The threat of terrorism, a real estate recession, and man-made disasters all emerged as major stories in the American news media in the third quarter of 2007, according to a new study of press coverage.

While the media continued to pay the most attention to the war in Iraq and the presidential campaign, in the third quarter they also trained more scrutiny on three new threats to the nation’s well being—a reconstituted Al Qaeda, the implosion of the sub-prime mortgage market, and crumbling infrastructure, a close look at the third quarter of media coverage by the Project for Excellence in Journalism finds.

Of the three threats, terrorism generated the most attention. It emerged as the quarter’s fourth-biggest story, after the war debate, the presidential campaign, and coverage inside Iraq. Based partly on events (strange devices confiscated at airports) and partly on perception (Homeland Security boss Michael Chertoff’s “gut feeling” about an attack), coverage of U.S. terror concerns nearly tripled from the second to the third quarter.

Coverage of the troubled U.S. economy also came close to tripling from the second quarter to the third. The chief catalysts here were the housing and mortgage crises, and the related “credit crunch.”

And among various disasters that generated substantial coverage in the third quarter, the most prominent was the Aug. 1 collapse of the I-35W Bridge in Minneapolis. The accident that claimed 13 lives was the fifth-biggest story of the summer, and seemed to resurrect nagging doubts about U.S. infrastructure initially raised by Hurricane Katrina.

The war still hovered, but in a new way. The debate over U.S. policy in Iraq—the dominant story early in the year—generated only modest coverage for many weeks of the quarter. But saturation coverage surrounding General David Petraeus’ status report to Congress in September was enough to still make it the No. 1 story in the news outlets covered in PEJ’s index of news media. That pushed the race for president, the No. 1 story in the previous three months, to No. 2, even though the level of reporting remained the same.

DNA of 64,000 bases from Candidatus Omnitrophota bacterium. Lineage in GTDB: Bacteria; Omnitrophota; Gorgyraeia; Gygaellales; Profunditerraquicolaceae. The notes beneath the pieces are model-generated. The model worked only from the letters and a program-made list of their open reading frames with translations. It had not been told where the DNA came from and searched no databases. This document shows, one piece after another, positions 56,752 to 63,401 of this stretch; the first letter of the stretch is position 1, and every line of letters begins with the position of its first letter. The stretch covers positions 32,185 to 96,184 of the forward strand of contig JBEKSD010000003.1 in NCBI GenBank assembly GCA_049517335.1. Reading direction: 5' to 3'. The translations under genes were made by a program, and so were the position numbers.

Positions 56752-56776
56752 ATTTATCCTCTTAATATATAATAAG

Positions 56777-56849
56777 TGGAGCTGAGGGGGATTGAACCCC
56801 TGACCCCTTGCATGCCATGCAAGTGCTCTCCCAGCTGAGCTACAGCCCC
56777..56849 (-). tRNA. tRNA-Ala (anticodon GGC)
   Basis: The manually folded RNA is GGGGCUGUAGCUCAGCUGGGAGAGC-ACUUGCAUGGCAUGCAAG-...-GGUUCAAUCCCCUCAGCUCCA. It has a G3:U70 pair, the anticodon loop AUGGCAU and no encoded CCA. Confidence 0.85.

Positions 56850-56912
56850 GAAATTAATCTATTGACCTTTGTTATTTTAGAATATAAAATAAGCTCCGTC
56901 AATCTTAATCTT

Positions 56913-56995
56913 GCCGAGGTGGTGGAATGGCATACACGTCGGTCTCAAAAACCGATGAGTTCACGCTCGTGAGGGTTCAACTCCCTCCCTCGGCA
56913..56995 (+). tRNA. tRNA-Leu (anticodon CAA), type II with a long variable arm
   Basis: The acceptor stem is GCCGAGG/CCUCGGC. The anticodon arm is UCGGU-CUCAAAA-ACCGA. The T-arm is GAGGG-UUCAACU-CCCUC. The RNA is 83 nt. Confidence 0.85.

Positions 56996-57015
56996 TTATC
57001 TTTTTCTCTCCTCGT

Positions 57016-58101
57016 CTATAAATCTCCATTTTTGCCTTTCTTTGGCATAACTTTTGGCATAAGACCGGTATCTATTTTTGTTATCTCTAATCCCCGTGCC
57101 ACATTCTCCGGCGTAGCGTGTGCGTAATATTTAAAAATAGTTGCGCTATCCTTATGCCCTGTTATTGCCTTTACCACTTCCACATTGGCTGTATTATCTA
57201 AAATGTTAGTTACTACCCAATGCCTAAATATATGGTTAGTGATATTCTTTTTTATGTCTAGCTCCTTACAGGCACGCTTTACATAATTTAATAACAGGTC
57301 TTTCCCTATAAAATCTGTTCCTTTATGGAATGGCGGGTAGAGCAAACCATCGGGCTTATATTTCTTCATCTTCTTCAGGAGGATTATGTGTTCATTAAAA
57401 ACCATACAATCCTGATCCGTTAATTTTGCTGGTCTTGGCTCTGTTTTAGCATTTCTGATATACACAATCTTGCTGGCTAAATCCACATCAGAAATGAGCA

These are some of the findings drawn from the third quarterly report of the Project for Excellence in Journalism’s News Coverage Index (NCI), a content analysis of a broad cross-section of American news media.

One new feature of PEJ’s third quarterly report of the year is the designation of “leading newsmakers,” individuals or events who were the dominant subjects in the highest percentage of stories.

Befitting a three-month period in which much of the news was gloomy, the roster of top five newsmakers included three criminal defendants—Idaho Senator Larry Craig, arrested for allegedly propositioning a police officer in a restroom; Michael Vick, the former Atlanta quarterback charged in connection with a dog fighting ring; and O.J. Simpson, accused of kidnapping and other offenses in a hotel room showdown over sports memorabilia.

Going further down the list, one of the leading newsmakers was a U.S. global adversary—Iranian President Mahmoud Ahmadinejad.

Among other key findings in the third quarterly report of the PEJ’s News Coverage Index: